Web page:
At the conclusion of the previously described process, SEM inspection of the particle verified the particles had been coated. Referring now to the drawings, FIGS. 1A and 1B correspond to FIGS. 1A and B are scanning electron microphotographs taken, respectively, at 450 and 1260 magnification of uncoated sodium silicate particles. FIGS. 2A and B are scanning electron microphotographs taken, respectively, at 450 and 1260 magnification of the sodium silicate particles shown in FIGS. 1A and 1B which illustrate the silicate particles have been coated.

EXAMPLE 2

This example illustrates a process for coating steel fibers in a commercially available Glatt GPCG-5 by utilizing a fluid bed.

The product bowl of the spray coater was charged with 4.5 kg of "D" steel fibers standard friction material steel fibers supplied by Delco-Moraigne. The coating supply vessel was charged with 900 g liquid sodium silicate (supplied from P.Q. as "N" grade sodium silicate) diluted with 75 g of distilled water. The preliminary settings for the Glatt GPCG-5 spray drying apparatus with a 2.2 liter product bowl were as follows:

A. Port size 0.8 mm

B. Filter no. 510-016

C. Set inlet temperature @ 65 C.

D. Outlet temperature @ 32 C.

E. Product temperature 42.5 C.

F. Outlet flap setting, 38% of full open

G. Fluid flow rate setting 40 g/min

H. Air volume 300 CFM

The following experimental matrix delineates fiber type, coupling agent pre-treat and coupling agent post-treat that were coated with a silicate containing coating. The amount of a coupling agent, indicated below, were diluted to 500 MLS in 2-propanol with the exception of Sample I1 that was diluted with ethanol.

1. Note "A" fibers are from American Metal Fibers (Type FM-5ZE) usually less than 0.1 inch long, some round, flat, bent, straight.

2. "D" type fibers are from Delco.

______________________________________NumberExperimental   Fiber  Pre-Treat          Post-Treat CouplingRun/Lot #   Type   Coupling Agent                       Silicates                             Agent______________________________________A1      D      No           Yes   NoB1      D      40 grams Silane                       No    No          CPS076SC1      A      22.5 grams Silane                       Yes   No          CA0700SD1      D      22.5 grams Silane                       Yes   22.5 grams Silane          CA0700S            CA700SE1      A      11 grams Titanate                       Yes   11 grams LICA 97          LICA97F1      D      35 grams Silane                       Yes   21 grams Silane          CPS076S            CPS076SG1      D      14 grams Zirconate                       Yes   14 grams Zirconate          NZ-37              NZ-37H1      A      No           2xYes NoI1      A      No           2xYes 21 grams Silane                             CAO700S______________________________________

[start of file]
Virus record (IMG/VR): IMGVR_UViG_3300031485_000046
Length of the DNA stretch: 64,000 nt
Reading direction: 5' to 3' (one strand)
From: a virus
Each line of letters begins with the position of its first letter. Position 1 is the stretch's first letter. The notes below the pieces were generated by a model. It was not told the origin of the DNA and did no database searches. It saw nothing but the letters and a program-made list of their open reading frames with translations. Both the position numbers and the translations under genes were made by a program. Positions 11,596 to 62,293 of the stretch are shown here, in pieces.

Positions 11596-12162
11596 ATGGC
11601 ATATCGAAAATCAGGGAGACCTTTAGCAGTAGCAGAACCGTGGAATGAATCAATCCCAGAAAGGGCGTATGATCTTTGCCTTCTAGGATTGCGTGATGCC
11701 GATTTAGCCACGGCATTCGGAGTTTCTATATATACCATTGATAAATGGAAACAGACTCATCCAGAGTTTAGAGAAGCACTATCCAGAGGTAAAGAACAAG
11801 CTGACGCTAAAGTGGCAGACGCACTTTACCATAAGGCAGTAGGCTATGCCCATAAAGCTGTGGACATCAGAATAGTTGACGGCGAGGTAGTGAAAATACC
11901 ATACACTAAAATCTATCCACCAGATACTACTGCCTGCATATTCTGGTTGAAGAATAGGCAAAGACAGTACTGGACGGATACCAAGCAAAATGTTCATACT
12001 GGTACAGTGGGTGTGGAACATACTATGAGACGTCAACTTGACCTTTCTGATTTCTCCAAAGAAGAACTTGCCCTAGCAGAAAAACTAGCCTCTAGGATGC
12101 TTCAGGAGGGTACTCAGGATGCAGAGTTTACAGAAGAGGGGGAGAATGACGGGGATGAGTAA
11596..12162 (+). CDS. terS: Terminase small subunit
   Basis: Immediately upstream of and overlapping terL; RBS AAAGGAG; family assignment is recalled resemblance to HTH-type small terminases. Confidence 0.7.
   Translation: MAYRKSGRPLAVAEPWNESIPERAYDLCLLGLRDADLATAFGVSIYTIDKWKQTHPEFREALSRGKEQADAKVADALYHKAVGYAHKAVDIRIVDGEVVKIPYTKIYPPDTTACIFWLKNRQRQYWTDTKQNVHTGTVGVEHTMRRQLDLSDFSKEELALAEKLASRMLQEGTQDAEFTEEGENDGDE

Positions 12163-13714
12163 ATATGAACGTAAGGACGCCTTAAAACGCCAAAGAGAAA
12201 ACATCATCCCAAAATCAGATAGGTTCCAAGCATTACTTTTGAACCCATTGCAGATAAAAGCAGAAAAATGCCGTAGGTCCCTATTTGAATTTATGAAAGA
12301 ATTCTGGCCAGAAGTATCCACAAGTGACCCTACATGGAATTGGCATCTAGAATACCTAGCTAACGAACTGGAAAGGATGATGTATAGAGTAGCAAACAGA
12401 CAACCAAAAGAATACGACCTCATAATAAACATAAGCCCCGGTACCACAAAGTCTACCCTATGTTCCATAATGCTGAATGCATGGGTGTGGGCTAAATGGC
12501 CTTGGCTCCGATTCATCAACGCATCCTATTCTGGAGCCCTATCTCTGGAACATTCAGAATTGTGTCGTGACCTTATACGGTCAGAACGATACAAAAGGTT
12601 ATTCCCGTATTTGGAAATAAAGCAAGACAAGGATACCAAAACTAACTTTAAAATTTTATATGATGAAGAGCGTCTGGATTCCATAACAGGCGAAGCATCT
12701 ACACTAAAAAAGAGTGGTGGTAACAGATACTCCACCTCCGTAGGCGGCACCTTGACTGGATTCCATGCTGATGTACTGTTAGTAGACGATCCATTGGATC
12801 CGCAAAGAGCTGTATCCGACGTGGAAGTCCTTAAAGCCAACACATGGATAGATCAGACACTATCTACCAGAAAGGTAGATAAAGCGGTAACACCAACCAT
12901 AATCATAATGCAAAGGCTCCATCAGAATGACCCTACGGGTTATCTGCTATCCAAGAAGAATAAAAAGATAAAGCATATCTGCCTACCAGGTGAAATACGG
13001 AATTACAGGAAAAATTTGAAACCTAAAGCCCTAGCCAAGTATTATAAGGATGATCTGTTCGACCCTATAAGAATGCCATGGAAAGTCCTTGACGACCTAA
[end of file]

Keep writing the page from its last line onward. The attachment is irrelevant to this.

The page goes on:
Silane CPS076S (n-trimethoxysilylpropyl)-polyethylenimine (Huls, Bristol, Pa.)

Silane CA0700S N-(2-aminoethyl-3-aminiopropyl) trimethoxysilane (Huls, Bristol, Pa.)

Titanate Lica 97 titanium IV 2,2 (bis 2-propanylatomethyl)butanolato-tris(3-amino) phenylato (Kenrich, Bayonne, N.J.)

Zirconate NZ-37 zirconium IV bis 2,2 (bis 2-propenylatomethyl)butanolato, bis(paraaminobenzaoto-O) (Kenrich, Bayonne, N.J.)

3. Run Conditions--Same as the preliminary machine settings except outlet temperature varied during the runs by 37 C. to 42 C., product temperature varied from 41 C.-49 C., flow rate averaged 40 g/pm with a range from 34 to 46 gpm

4. Run Duration--Duration for each varied from 29 to 81 minutes depending on the number of coatings--pre-treat, silicate, post-treat. For example, sample I1 has coatings thickness was not measured. The deposite composition contained, as indicated, sodium silicate with coupling agent above and below the sodium silicate layer(s).

5. Results--Each group was examined and documented with a S.E.M. to verify the coating. Each group exhibited a uniform coating with minimal loss due to agglomeration or deposition on the filter bags. Filter bags are at the top of the machine where the fluidizing gas exits. The bags are used to catch entrained particles which would otherwise be discharged to the environment. However after testing, the "A" fibers performed better. It is suspected that there was not any tramp oil present on the "D" fibers did not have a clean surface on which to deposit the sodium silicate, so the sodium silicate did not stick. Several grams of silicate powers were cleaned from the filter bag. Typical yields were between 94.4 to 94.6%.

6. Secondary Coating--Group H1 received a double coating of silicate (without coupling agent) and were batch dipped in a metal salt namely zinc chloride to insolulize the silicate coating. Thickness was not measured--probably mono di-molecular (20 wt % solution of Fisher Analytical reagent CAS# 7646-85-7 in distilled water.

7. Testing--The G1 group was used to produce test specimens similar to automotive brake pad formulas as well as corrosion testing per ASTM B117.

EXAMPLE 3

The purpose of this example is to illustrate the process of coating carbon fibers, utilizing fluid bed coater granulator (Glatt) technology.

Sample Preparation

1. The bowl was charged with 6.5 kg of carbon fibers

2. The coating containing vessel was charged with 900 g liquid sodium silicate (P.Q. "N" grade) diluted with 75 g of distilled water.

3. Preliminary settings for the Glatt GPCG-5 with a 2.2 liter product bowl were as follows:

A. Port size 0.8 mm

B. Filter no. 510-016

C. Set inlet temperature @ 65 C.

D. Outlet temperature @ 32 C.

E. Product temperature 42.5 C.

F. Outlet flap setting, 38%

G. Fluid flow rate setting 5 g/min